‘Sopranos’ cast booted from funeral home for raunchy scene

“The Sopranos” has its fair share of raunchy scenes sprinkled throughout its six-season run.

But there was one moment, in particular, that got the cast and crew into a heated situation. The show’s cast was kicked out of a funeral home during filming that involved a line about a blow job.

Former producer Ilene Landress divulged secrets of the episode in the book, “Tinderbox: HBO’s Ruthless Pursuit of New Frontiers.”

Landress explained to author James Andrew Miller that the scene in question was being filmed in New York City. She noticed something was wrong when her crew came rushing outside of the venue to find her.

“I walk across Sixth Avenue, and I see our trucks in front of this little old conservative Italian funeral home where we were shooting,” Landress said. “Then people start walking out, and the location manager running toward me.”

She recalled, “We were shooting a funeral scene and the scene was a little lady in the coffin and Uncle Junior turns to somebody in the receiving line, glances into the coffin and says, ‘She gave me my first blow job.’ Well, we got kicked out of the place.”

“The Sopranos” stars (from left) Maureen Van Zandt, Kathrine Narducci, Annabella Sciorra, Jamie-Lynn Sigler, Edie Falco, Landress and Lorraine Bracco.
WireImage

“You could totally panic or you could see the humor in the whole thing,” Landress said. “I called HBO and told them, ‘I guess we’re done for the day.’”

The tell-all book dives deep into the behind-the-scenes secrets of the HBO network and is full of anecdotes and interviews from the iconic mob drama.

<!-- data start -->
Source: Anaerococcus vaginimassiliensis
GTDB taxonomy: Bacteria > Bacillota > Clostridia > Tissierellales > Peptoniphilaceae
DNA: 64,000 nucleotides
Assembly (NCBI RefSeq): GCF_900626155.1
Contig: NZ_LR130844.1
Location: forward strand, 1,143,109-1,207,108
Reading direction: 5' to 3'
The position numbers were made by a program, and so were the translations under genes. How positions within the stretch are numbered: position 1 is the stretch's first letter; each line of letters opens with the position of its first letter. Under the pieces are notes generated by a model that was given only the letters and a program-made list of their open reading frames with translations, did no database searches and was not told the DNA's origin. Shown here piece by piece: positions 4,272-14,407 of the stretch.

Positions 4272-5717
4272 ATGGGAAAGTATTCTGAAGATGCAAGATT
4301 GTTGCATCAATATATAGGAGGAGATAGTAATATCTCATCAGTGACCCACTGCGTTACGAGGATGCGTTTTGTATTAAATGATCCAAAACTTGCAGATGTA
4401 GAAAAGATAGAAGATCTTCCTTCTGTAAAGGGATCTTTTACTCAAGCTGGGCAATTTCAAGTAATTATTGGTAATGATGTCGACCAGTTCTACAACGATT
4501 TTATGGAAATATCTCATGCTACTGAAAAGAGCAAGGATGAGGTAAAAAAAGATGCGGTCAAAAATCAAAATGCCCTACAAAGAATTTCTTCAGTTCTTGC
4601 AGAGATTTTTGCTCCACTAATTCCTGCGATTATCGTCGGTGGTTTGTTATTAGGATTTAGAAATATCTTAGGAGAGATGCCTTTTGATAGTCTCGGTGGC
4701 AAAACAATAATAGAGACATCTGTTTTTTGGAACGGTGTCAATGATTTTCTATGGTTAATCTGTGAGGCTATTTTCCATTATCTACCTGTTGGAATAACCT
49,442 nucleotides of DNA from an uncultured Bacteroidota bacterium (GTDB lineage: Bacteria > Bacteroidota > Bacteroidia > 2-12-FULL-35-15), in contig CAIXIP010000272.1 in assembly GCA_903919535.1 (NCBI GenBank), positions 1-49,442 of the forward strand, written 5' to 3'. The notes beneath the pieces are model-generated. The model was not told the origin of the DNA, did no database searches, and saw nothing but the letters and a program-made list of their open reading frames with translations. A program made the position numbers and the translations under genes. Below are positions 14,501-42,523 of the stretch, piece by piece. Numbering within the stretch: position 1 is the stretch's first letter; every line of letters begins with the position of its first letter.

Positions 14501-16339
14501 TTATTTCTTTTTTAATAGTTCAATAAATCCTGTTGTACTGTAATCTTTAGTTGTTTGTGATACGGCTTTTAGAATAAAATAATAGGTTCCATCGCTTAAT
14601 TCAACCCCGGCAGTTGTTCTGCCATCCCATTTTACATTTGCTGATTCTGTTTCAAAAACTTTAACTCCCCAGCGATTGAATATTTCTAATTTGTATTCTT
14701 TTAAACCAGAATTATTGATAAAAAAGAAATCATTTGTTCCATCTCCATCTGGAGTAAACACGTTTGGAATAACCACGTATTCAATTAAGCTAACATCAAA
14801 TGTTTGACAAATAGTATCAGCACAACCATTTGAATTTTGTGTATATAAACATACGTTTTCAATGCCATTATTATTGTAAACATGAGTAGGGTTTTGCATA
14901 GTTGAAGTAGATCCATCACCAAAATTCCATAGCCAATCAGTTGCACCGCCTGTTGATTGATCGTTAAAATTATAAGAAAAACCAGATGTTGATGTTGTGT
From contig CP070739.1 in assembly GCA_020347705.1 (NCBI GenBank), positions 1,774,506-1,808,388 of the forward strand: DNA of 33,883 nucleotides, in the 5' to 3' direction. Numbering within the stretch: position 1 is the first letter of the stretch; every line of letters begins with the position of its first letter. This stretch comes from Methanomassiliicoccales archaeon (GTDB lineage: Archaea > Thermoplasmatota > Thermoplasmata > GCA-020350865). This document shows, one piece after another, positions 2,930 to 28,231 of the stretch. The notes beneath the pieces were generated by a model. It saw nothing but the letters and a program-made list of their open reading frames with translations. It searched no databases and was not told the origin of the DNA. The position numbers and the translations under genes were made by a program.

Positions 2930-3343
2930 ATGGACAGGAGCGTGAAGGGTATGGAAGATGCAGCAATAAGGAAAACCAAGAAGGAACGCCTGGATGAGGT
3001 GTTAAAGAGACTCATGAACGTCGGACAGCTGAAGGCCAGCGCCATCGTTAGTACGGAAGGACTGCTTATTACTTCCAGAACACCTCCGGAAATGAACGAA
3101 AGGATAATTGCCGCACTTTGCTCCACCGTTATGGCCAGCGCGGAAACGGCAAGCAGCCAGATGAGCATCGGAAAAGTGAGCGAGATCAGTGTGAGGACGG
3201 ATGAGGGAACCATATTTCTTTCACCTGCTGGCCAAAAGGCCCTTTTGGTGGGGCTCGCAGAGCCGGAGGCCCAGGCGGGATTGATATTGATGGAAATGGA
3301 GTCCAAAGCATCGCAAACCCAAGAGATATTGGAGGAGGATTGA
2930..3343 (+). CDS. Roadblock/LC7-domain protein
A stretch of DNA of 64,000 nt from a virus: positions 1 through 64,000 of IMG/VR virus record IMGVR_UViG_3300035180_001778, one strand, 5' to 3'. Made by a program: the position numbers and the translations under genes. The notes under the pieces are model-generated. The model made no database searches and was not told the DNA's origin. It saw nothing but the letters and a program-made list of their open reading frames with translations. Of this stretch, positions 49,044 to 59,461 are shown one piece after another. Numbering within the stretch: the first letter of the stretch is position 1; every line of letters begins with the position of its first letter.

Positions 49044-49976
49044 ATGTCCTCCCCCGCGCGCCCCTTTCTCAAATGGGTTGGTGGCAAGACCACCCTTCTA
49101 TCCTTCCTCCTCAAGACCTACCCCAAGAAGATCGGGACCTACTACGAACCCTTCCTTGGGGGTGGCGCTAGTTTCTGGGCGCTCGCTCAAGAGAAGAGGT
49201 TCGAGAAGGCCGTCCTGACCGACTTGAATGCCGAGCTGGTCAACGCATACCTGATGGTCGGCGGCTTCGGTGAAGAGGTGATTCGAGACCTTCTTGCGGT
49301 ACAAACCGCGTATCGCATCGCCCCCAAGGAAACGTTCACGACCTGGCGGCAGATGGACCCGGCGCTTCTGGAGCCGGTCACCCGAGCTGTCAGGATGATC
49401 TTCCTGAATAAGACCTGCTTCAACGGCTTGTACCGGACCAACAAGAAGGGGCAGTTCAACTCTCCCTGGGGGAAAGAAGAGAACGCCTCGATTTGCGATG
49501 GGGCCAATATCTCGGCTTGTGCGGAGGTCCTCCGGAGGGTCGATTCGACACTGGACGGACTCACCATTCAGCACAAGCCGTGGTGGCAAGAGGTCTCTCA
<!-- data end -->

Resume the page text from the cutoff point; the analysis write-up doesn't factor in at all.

One story featured in the book was how HBO executives were worried about star James Gandolfini’s health. The actor passed away in 2013 after suffering a heart attack at 51.

Former HBO head Jeff Bewkes spoke to Miller and how the execs feared Gandolfini’s death. “We were concerned about Gandolfini staying alive. Occasionally he would go on a bender or a coke binge. We had to stop production,” Bewkes said in the book.

Ex-HBO chairman Chris Albrecht also chimed in, saying that Gandolfini skipped work because he “thought Jimmy was embarrassed.” Albrecht added that the network hosted an intervention at his apartment in Manhattan. “The intervention wasn’t my idea. I think [it was] his family’s idea because his sister was there. It was definitely a crisis situation,” Albrecht said. 

Edie Falco and James Gandolfini in a "Sopranos" scene.
Edie Falco and James Gandolfini in a “Sopranos” scene.
HBO

However, he claimed he wasn’t all that anxious about Gandolfini’s health at the time.

“I don’t remember us being worried he was going to die, but it became a real problem with shooting the show . . . It became a lack of respect for the other actors as well, so there were sort of problems that bubbled up,” he said.